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Since the two prominent Russian-speaking cybercrime forums (XSS and Exploit) banned ransomware-related topics, most criminal operations have been forced to promote their service using alternative methods, therefore a new way of recruiting affiliates came to life.

Recently the LockBit gang announced a new major version for their tool claiming they significantly improved it for the encryption speed.

In an attempt to support the claim they’ve made the threat actor apparently tested versions of multiple ransomware pieces and published their measurements for file encryption speed, thus launching LockBit 2.0.

LockBit Ransomware affiliates


In this version of Lockbit the developers also disclosed that they will have a new affiliate recruitment session, highlighting that the encryption they use has not faltered since the operation started in September 2019.

The only thing you have to do is to get access to the core server, while LockBit 2.0 will do all the rest. The launch is realized on all devices of the domain network in case of administrator rights on the domain controller.


What Does Lockbit Promise?

LockBit is claiming to offer the fastest encryption and file-stealing (StealBit) tools “all over the world.”

In May LockBit tried to get ransomware talks back on a popular Russian-speaking forum by proposing a private section only for “authoritative users, in whom there is no doubt.

But users thought at the time that the ransomware topic “is now better known than ISIS terrorists,” meaning that the forum would get unwanted attention.

More Ransomware as a Service Operation Are Surfacing

Himalaya is a treat actor that appeared in the ransomware landscape this year and is now one of the gangs promoting ransomware-as-a-service (RaaS) operations on their website.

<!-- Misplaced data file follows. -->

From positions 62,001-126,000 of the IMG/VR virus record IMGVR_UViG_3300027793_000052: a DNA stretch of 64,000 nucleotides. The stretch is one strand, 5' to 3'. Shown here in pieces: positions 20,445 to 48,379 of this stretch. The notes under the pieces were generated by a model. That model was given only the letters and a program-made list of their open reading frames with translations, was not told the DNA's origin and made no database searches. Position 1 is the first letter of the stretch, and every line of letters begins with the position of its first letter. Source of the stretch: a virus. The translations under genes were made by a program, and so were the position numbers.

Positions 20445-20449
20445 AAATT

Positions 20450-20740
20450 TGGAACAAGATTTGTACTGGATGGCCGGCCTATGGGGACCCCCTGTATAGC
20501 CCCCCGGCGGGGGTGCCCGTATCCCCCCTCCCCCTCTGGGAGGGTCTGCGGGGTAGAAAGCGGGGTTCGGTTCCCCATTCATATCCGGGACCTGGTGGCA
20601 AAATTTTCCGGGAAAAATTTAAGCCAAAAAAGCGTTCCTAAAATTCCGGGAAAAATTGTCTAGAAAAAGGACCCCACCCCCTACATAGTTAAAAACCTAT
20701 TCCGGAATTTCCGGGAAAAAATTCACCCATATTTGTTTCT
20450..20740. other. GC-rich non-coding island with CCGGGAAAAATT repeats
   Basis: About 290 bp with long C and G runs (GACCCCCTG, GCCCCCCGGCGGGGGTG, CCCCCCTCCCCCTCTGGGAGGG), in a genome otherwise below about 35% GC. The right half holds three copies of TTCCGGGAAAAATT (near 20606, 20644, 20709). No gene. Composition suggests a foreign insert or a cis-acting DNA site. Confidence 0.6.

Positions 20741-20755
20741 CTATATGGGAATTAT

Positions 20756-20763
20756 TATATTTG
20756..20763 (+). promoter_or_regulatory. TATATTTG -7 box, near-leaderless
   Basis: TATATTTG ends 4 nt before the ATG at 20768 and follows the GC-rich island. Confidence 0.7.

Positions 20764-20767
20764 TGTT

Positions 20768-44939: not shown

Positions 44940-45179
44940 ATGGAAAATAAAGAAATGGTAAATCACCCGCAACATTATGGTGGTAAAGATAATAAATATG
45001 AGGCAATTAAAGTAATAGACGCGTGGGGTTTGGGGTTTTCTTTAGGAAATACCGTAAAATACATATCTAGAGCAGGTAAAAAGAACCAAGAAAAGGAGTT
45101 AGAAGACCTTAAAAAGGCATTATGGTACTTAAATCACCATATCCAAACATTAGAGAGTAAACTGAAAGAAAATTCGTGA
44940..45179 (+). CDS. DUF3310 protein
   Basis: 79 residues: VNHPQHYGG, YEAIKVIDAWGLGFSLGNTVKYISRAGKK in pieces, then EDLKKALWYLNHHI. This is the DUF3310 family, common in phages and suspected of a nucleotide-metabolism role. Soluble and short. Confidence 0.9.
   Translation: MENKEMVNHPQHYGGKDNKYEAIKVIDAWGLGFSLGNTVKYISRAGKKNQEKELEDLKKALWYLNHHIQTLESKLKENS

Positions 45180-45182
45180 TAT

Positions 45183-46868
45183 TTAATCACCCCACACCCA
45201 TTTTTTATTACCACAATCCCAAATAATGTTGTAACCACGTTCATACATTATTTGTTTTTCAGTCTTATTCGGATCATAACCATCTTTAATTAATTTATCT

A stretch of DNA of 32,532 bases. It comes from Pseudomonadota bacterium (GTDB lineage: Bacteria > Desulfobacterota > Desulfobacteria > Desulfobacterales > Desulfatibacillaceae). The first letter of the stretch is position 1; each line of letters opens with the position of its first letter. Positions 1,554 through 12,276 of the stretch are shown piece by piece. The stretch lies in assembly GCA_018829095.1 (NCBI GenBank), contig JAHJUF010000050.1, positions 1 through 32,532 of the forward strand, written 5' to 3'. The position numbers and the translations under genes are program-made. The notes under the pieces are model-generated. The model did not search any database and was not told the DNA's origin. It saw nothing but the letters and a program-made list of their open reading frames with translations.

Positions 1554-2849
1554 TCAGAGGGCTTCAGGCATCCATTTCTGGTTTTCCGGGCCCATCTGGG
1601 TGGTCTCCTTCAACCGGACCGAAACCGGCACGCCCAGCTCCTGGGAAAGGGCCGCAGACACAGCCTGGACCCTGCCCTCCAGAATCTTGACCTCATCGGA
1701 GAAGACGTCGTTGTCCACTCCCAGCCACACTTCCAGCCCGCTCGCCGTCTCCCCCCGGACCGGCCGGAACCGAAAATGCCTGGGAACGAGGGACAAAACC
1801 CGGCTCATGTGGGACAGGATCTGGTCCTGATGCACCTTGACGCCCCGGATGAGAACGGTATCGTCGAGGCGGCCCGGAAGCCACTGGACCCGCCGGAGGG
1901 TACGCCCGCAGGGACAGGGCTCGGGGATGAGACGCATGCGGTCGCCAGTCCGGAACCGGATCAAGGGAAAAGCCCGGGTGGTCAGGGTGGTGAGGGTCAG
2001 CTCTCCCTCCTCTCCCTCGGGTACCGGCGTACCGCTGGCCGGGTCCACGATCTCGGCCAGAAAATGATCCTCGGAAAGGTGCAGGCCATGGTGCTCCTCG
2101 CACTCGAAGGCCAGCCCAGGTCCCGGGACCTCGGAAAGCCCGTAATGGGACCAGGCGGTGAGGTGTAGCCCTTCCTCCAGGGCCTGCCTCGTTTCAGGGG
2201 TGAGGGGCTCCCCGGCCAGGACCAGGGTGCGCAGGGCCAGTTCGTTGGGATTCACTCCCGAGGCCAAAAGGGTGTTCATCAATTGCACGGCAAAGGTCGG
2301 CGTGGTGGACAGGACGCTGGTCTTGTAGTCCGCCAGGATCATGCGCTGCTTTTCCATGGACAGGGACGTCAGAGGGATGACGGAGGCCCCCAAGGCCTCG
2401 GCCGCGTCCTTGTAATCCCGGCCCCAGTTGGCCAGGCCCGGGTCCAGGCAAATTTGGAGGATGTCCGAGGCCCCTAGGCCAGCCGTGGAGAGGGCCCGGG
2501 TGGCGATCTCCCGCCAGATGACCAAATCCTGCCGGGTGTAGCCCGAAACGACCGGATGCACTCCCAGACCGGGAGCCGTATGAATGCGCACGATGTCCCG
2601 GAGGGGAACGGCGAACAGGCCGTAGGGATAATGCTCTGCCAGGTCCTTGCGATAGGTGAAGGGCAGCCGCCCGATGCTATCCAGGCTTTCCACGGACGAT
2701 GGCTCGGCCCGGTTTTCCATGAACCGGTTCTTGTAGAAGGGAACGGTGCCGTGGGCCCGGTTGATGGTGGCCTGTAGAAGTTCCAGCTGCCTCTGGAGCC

Himalaya ransomware


Himalaya is using its website to create awareness by advertising a 70% commission for affiliates and an “already configured and compiled FUD [Fully UnDetectable]” file-encrypting malware.

It’s interesting to note that Himalaya has a strict rule about the targets that can be attacked and does not allow the attack on healthcare, public, and non-profit organizations.

Even if we’re witnessing a rise in regards to the nefarious groups that are willing to advertise the RaaS operations they are conducting on their website, not all ransomware groups are willing to start using this target.

Let’s take the REvil gang as an example, as they are preferring to operate discretely whilst relying on a network of affiliates and connections to get new partners when they need them.

It shouldn’t be a surprise that most prominent ransomware groups will likely keep their head low considering the fact that the active hunt for ransomware actors has intensified after DarkSide encrypted Colonial Pipeline systems.

Author Profile

Dora Tudor

Cyber Security Enthusiast

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Dora is a digital marketing specialist within Heimdal™ Security. She is a content creator at heart - always curious about technology and passionate about finding out everything there is to know about cybersecurity.

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